Content delivery network EdgeCast Networks has launched its OpenCDN federation platform, allowing network operators to cache customer content in markets and regions where they have no infrastructure.
The platform is an alternative to the traditional geoexpansion/network investment tradeoffs operators have struggled with.
EdgeCast also announced it has recently been granted several patents on techniques relating to CDN interconnection, broadening its intellectual property portfolio to include CDN federation.
Current participants in the EdgeCast federation include a large, tier-one North American operator as well as Pacnet, one of Asia's largest carriers.
Federation allows operators to scale better, offering the CDN capabilities of their network beyond their own regional customer base. Federation also enables content delivery from the edge server that will provide the best end-user experience, regardless of which operator owns that server.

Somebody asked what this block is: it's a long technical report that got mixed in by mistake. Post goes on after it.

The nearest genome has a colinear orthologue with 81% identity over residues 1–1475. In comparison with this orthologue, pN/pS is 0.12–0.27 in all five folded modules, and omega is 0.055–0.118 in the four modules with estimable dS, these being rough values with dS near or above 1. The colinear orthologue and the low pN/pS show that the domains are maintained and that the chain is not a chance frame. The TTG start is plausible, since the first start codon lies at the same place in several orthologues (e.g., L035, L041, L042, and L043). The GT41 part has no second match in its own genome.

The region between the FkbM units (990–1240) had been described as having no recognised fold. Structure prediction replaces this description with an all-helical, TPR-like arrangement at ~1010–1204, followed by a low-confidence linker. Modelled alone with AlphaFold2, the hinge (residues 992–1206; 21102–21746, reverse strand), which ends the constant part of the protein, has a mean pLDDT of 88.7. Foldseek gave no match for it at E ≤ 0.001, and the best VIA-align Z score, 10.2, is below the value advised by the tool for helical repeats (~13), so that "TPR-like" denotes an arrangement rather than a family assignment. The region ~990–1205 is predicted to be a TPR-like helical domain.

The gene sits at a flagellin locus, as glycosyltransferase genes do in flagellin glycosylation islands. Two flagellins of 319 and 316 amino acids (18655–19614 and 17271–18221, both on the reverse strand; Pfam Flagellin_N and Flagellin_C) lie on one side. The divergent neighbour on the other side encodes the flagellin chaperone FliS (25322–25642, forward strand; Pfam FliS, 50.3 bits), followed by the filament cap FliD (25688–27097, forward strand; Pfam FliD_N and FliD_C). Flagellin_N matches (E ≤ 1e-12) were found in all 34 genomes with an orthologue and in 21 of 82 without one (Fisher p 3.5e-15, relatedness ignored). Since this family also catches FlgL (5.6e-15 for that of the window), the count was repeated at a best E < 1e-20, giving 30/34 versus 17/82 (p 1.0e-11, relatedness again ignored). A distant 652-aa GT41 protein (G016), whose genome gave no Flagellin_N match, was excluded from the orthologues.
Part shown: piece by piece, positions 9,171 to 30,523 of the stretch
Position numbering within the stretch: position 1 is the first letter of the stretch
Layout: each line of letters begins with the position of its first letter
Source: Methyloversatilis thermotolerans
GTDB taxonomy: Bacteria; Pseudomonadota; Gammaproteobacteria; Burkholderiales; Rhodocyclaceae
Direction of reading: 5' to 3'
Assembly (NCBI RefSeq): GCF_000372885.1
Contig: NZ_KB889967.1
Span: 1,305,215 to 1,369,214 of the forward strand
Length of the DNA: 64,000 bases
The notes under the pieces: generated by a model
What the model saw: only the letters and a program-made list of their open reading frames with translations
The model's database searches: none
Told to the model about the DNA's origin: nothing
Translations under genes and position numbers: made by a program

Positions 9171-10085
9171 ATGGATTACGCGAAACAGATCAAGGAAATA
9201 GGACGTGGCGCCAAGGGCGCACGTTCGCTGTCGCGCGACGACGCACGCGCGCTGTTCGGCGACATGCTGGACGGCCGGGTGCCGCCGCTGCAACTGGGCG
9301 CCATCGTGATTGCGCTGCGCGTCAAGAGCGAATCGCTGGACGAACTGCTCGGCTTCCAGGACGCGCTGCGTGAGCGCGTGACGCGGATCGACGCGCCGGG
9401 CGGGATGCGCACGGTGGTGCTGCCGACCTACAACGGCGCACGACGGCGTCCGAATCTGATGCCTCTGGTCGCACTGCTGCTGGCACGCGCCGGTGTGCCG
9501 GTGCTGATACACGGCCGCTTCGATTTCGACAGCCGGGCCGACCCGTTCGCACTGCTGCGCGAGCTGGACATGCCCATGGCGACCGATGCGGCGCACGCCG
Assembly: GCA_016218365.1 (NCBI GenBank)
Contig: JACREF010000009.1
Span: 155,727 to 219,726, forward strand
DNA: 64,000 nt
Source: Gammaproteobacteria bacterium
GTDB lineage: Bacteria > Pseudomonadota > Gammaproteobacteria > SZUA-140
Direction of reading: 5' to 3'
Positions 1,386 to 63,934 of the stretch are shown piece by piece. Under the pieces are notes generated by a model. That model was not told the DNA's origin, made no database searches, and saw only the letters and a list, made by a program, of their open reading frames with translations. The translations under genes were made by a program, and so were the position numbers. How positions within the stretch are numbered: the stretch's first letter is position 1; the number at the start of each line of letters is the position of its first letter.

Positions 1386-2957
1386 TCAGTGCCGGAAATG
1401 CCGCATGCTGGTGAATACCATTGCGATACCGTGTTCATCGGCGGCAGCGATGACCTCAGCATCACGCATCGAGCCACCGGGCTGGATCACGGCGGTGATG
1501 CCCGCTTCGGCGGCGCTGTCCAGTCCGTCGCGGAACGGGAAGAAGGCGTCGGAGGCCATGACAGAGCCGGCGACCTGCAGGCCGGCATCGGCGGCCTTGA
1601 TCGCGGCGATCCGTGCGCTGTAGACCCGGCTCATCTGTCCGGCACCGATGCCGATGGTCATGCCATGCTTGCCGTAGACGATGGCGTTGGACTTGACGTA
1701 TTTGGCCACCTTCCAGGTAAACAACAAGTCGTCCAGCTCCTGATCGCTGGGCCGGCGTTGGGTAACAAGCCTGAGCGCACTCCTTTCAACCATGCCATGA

That, in turn, allows content providers to form seamless relationships with multiple network operators and drive content deeper into more networks, said Lydia Leong, research vice president at Gartner.
"Successful federation of services will require not just technical federation capabilities, but also the facilitation of the business relationships between operators," Leong said.
EdgeCast CEO James Segil said federation is core to the company's strategy.
"We have been building and evangelizing this for years, so it's rewarding to see it working in the real world, with real production traffic and real money changing hands between operators," he said, adding that federation was "another step toward our goal of improving the performance, capacity, and flexibility of the global Internet."
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